The seeker - By Simon Hawke

Prologue

The twin moons of Athas flooded the desert with a ghostly light as the dark sun sank on the horizon. The temperature dropped quickly while Ryana sat warming herself by the campfire, relieved at having left the city.

Tyr held nothing for her but bad memories. As a young girl growing up in a villichi convent, she had dreamt of visiting the city at the foot of the Ringing Mountains. Tyr had seemed like an exotic and exciting place then, when she could only imagine its teeming marketplaces and its tantalizing nightlife. She had heard stories of the city from the older priestesses, those who had been on pilgrimages, and she had longed for the day when she could take her own pilgrimage and leave the convent to see the outside world. Now she had seen it, and it was a far cry from the dreams of her youth.

When in her girlish dreams she had imagined the crowded streets and glamorous marketplaces of Tyr, she had pictured them without the pathetic, scrofulous beggars that crouched in the dust and whined plaintively for coppers, holding out their filthy hands in supplication to every passerby. The colorful images of her imagination had not held the stench of urine and manure from all the beasts penned up in the market square, or the human waste produced by the city’s residents, who simply threw their refuse out the windows into the streets and alleys. She had imagined a city of grand, imposing buildings, as if all of Tyr were as impressive as the Golden Tower or Kalak’s ziggurat. Instead she found mostly aging, blocky, uniformly earth-toned structures of crudely mortared brick covered with cracked and flaking plaster, such as the ramshackle hovels in the warrens. There the poor people of Tyr lived in squalid and pitiful conditions, crowded together like beasts crammed into stinking holding pens.

She had not imagined the vermin and the filth, or the flies and the miasma of decay as garbage rotted in the streets, or the pickpockets and the cutthroats and the vulgar, painted prostitutes, or the rioting mobs of desperate people caught up in the painful transition of a city laboring to shift from a sorcerer-king’s tyranny to a more open and democratic form of government. She had not imagined that she would come to Tyr not as a priestess on a pilgrimage, but as a young woman who had broken her sacred vows and fled the convent in the night, in pursuit of the only male she had ever known and loved. Nor had she imagined that before she left the city, she would learn what it meant to kill.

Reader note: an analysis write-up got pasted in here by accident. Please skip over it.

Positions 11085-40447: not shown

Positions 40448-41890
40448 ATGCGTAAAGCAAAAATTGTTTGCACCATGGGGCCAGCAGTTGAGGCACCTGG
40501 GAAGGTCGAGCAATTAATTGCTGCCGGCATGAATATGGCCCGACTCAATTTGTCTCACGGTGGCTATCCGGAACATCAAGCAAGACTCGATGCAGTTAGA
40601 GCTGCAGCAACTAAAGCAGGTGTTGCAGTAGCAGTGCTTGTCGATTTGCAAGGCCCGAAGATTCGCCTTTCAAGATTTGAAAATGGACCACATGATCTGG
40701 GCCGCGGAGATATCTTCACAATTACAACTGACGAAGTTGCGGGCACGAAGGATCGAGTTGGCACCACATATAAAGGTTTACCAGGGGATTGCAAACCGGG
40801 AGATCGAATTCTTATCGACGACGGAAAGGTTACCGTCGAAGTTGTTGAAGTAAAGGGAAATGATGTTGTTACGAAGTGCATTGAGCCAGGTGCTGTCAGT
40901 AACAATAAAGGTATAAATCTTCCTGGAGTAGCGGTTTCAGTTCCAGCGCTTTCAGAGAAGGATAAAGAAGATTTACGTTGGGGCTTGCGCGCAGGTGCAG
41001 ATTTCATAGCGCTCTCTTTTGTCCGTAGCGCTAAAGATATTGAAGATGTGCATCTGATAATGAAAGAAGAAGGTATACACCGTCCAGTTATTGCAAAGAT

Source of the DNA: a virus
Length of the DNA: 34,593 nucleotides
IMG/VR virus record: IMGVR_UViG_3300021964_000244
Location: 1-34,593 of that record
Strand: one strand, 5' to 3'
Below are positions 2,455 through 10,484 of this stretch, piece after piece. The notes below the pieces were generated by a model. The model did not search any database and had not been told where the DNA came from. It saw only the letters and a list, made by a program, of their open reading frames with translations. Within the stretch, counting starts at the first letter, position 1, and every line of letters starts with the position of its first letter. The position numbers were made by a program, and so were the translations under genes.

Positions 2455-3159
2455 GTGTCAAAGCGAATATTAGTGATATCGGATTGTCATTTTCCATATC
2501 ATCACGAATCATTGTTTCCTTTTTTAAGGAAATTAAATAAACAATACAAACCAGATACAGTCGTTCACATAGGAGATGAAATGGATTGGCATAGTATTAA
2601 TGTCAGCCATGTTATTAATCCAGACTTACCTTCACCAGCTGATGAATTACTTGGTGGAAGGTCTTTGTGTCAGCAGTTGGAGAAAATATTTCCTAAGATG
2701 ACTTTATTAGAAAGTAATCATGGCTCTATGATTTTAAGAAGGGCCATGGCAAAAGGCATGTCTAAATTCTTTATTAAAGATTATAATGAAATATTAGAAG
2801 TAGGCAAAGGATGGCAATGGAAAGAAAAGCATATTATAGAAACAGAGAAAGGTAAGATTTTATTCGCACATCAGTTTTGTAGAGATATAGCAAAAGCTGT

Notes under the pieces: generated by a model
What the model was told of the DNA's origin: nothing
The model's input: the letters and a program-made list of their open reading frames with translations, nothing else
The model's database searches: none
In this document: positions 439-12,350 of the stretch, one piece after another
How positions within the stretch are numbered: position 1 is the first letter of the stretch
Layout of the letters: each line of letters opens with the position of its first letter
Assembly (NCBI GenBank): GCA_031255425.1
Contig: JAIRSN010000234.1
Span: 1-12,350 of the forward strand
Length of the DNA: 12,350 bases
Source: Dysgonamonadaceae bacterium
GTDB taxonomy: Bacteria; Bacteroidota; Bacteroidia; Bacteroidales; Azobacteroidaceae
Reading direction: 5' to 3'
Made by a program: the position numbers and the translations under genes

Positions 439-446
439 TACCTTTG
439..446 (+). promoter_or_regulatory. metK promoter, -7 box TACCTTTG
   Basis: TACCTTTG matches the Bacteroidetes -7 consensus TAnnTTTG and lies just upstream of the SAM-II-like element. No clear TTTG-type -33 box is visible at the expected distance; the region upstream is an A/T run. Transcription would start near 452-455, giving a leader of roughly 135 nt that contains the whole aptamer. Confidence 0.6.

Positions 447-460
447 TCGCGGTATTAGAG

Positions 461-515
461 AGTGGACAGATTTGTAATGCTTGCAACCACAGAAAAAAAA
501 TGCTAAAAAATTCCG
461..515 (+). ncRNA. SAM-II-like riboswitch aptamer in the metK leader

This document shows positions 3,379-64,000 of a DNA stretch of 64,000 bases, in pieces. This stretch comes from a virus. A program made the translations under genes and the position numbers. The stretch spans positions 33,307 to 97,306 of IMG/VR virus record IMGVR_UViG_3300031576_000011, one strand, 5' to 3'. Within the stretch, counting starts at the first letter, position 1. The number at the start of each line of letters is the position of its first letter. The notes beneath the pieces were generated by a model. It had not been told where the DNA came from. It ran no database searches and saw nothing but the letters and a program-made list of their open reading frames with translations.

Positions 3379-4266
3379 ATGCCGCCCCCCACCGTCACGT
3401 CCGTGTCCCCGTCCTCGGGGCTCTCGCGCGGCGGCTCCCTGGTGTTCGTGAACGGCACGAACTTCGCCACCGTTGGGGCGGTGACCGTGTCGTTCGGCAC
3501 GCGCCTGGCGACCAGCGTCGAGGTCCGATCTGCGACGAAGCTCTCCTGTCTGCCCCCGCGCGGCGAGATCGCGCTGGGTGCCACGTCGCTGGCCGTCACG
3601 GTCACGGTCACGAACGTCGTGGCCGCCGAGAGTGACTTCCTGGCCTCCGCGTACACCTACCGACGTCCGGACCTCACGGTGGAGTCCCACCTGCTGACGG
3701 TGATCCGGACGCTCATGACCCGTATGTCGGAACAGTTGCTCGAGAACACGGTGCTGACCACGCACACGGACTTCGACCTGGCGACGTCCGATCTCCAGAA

She turned away from the shadowy city in the distance, feeling no regret at leaving it, and gazed across the desert spreading out below. She and Sorak had made camp on the crest of a ridge overlooking the Tyr Valley, just east of the city. Beyond the city, to the west, the foothills rose to meet the Ringing Mountains. To the east, they gradually fell away, almost completely encircling the valley, save for the pass directly to the south, along which the trade route ran from Tyr out across the tablelands. The caravans always took the pass, then headed southeast to Altaruk, or else turned to the northeast toward Silver Spring, before heading north to Urik, or northeast to Raam and Draj. To the east of the oasis known as Silver Spring, there was nothing but rocky, inhospitable desert, a trackless waste known as the Stony Barrens that stretched out for miles before it ended at the Barrier Mountains, beyond which lay the cities of Gulg and Nibenay.

The caravans all have their routes mapped out, Ryana thought, while ours has not yet been determined. She sat alone, huddled in her cloak, her long, silvery white hair blowing gently in the breeze, and wondered when Sorak would return. Or, perhaps more properly, she thought, the Ranger. Shortly before he had left the campsite, Sorak had fallen asleep, and the Ranger had come out to take control of his body. She did not really know the Ranger very well, though she had met him many times before. The Ranger was not much for words. He was a hunter and a tracker, an entity wise in the lore of the mountain forests and desert tablelands.

The Ranger ate flesh, as did the other entities who made up Sorak’s inner tribe. Sorak, like the villichi among whom he was raised, was vegetarian. It was one of

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